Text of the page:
For the experienced prepper, the format of Practical Prepping will allow you to take notes on a particular subject based upon Randy's practical advice, and then visualize a real life scenario through the eyes of Steve's literary prowess (he's gonna' need a bigger bucket hat after this).

Practical Prepping is divided into several parts, with chapters within each part. But I found Part 2: First Steps to be the most effective, especially for the new prepper. I have written about the Anatomy of a Survivor and The Preppers Mentality so I was glad to see the emphasis placed upon this by the guys. Part 2 focuses on subjects like: "Are You a Survivor", "Survive What" and "Realistic Capabilities of You and Your Family". Randy discusses the importance of getting your family on board with your preparedness plan by the use of "plausible fiction" like Steve's books. 

One of the points that the guys drive home repeatedly is that you don't need to run out and go shopping in order to start prepping. They emphasize that you should put the basics of a plan together first, otherwise you run the risk of just being "tacticool":

Got the picture?

I was fortunate enough to ask them questions. Because of the unique format of Practical Prepping, I found that Steve and Randy have different points of view on common preparedness issues. As a result, I gave them both the same questions and now let's compare the answers.

Q: While you were asleep, the SHTF. After waking to the news, what's the first prep that you wish you had?

Powers: This may sound a bit funny, but the first thing I would wish I had was my friends and loved ones that are in our group.  I say this for a couple of reasons.  As far as the nuts and bolts of the basics of prepping we're in pretty good shape, so that wouldn't be an immediate concern. My wife Alice is awesome.  When it comes to preparedness, she's fantastic partner and a wonderful resource.  A prime time player and our team's MVP.  My skills aren't bad and together we are quite capable, but with that said we have members in our group that we value and trust for a reason.  First and foremost, there's always strength in numbers when you're surrounded by people you can really trust and depend on.  As for our group, these folks weren't selected for particular skill sets, but each of our trusted team members has a valuable talent that adds depth and strength to our position exponentially.  Now because we take a holistic approach to preparedness, of course we have plans in place to connect with our team should the need ever arise.  That does require travel and time and in the scenario you've presented, my number one wish would be that we were already together.  The inevitable stress and complications of "rallying" could be avoided and we could set about the business of surviving the disaster that much quicker.

Konkoly: Water. I agree with Randy that I'd want all of my family in one place...this goes without being said...though I just said it. Go figure. Water is the big determinant as far as I'm concerned. Fill up the waterBob's and every single container that can hold water. I have other methods of procuring water, but for the immediate SHTF period, having a solid supply of potable water removes one of the biggest concerns, allowing me to focus on the the rest of my immediate plan.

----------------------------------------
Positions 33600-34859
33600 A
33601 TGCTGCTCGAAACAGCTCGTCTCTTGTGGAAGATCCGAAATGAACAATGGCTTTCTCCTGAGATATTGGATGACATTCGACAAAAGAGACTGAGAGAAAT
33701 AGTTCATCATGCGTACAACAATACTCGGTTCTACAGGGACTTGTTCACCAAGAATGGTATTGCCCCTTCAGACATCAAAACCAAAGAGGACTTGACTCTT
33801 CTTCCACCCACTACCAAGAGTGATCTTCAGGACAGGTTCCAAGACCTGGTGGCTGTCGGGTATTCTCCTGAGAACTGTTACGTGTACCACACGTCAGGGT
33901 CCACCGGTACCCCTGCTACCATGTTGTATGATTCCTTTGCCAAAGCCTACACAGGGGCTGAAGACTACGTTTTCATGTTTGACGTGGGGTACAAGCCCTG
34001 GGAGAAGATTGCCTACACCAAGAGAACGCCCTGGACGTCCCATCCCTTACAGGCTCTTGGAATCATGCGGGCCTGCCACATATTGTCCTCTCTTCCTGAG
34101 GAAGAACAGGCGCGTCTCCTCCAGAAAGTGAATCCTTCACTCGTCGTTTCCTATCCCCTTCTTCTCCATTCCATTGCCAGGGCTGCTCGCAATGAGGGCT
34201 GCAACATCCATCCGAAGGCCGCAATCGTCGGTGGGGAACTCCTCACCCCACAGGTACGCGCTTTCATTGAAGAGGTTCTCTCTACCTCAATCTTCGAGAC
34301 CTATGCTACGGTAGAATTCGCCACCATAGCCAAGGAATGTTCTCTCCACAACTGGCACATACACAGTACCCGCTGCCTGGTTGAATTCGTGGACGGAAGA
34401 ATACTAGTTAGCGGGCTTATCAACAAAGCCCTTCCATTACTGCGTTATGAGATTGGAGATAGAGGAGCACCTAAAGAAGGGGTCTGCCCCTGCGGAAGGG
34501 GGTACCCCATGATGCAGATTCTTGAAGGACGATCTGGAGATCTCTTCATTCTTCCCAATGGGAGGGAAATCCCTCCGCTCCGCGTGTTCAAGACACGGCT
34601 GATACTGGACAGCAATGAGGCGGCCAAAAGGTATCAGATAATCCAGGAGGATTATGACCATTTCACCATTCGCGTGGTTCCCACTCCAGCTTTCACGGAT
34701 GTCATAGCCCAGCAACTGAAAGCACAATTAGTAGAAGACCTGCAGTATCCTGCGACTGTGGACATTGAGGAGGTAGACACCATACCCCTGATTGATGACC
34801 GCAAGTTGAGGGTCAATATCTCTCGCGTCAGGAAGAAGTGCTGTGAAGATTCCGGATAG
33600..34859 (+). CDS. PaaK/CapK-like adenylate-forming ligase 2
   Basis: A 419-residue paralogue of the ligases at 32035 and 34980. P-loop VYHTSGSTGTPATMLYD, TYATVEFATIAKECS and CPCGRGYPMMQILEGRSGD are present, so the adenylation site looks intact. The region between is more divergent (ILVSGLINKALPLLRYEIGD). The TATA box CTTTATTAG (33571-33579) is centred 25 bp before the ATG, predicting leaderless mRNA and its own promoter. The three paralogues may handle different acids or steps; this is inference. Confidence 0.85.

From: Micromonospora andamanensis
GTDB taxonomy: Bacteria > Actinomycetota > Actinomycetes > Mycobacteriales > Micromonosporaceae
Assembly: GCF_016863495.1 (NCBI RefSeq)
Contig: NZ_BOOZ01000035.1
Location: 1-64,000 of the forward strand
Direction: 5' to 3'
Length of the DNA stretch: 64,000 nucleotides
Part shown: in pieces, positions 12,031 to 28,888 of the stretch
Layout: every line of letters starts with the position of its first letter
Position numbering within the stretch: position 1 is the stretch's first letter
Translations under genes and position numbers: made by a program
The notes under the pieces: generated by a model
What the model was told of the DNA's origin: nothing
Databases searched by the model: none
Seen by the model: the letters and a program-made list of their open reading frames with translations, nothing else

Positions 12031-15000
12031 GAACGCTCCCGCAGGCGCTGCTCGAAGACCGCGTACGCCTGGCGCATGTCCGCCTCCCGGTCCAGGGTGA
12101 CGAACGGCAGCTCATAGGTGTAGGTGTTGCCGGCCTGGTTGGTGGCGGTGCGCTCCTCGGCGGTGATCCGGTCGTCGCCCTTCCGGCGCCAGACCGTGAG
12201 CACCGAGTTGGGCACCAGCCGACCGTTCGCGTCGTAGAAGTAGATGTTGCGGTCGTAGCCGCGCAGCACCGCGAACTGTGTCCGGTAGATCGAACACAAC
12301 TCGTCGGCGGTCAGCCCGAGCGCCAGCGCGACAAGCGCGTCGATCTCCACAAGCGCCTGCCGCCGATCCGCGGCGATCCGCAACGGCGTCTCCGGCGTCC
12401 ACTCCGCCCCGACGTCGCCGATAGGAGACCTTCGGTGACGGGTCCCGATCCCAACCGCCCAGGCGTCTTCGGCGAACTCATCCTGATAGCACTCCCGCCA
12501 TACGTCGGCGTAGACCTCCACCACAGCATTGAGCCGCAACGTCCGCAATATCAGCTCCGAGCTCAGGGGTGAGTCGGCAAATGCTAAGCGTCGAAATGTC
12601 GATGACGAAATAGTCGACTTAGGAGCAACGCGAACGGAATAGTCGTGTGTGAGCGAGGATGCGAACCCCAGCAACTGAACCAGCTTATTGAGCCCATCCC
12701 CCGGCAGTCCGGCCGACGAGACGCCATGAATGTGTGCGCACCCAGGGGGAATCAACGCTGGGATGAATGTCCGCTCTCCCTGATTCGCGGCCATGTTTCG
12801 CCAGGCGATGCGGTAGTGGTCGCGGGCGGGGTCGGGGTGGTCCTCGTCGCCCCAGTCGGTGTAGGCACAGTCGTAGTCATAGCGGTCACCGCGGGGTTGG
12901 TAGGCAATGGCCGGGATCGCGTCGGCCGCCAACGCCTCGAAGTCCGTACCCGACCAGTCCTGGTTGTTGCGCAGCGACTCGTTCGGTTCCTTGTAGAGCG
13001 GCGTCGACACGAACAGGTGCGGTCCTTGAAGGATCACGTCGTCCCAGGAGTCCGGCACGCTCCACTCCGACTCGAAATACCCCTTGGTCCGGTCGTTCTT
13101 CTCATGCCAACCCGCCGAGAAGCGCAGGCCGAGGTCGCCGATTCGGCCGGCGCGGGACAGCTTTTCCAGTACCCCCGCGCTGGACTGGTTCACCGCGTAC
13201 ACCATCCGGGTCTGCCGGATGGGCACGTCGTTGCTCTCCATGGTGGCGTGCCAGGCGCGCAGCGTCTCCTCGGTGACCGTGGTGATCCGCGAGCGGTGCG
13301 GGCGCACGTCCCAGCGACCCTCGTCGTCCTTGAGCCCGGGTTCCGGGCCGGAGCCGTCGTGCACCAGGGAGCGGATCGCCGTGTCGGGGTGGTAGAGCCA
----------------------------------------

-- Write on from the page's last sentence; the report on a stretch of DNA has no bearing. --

Q: What TEOTWAWKI collapse event that concerns you the most most do you consider the most likely, your "Survive What" event?

Powers: I appreciate that you chose the term TEOTWAWKI for your question and I will answer accordingly.  This could take a minute.  I don't worry much about any one "big bad" event because our approach to preparedness is a fundamental one that will hopefully have us prepared to deal with virtually any survivable event.  I take a wide angle and long term view on our preparedness and why it's necessary.  With that said, my primary concern is a collapse event that we are actually experiencing right now and that is resource depletion, the strain it places on the nation and world's ever increasing population and the inevitable societal unrest that is sure to follow along as a result.  Whether it's our rapidly decreasing fresh water supply, the depleting rare earth minerals that make our technologically advanced society possible or the ancient stores of solar energy that power it, the natural resources that make the world what we know it are depleting, and in several cases, are in terminal and irreversible decline.  This will absolutely cause tension, stress and unrest as the world's societies come to grips with a new reality and ours in no exception.  Unless we get smarter as a world and society so as to better understand the drivers that actually impact our future and develop a sustainable plan going forward and adhere to it, TEOTWAWKI will be here sooner than most realize.  These long term impacts of decisions and events I observe happening all around us every day are the motivating factor for us and by preparing for those, we feel we are in pretty good shape to deal with the "flash" disasters that could happen at any time.  Because we take a long term view, we are working towards making life changes that will build resilience into every area of our lives that is required to achieve a level of preparedness we feel is sufficient for our situation.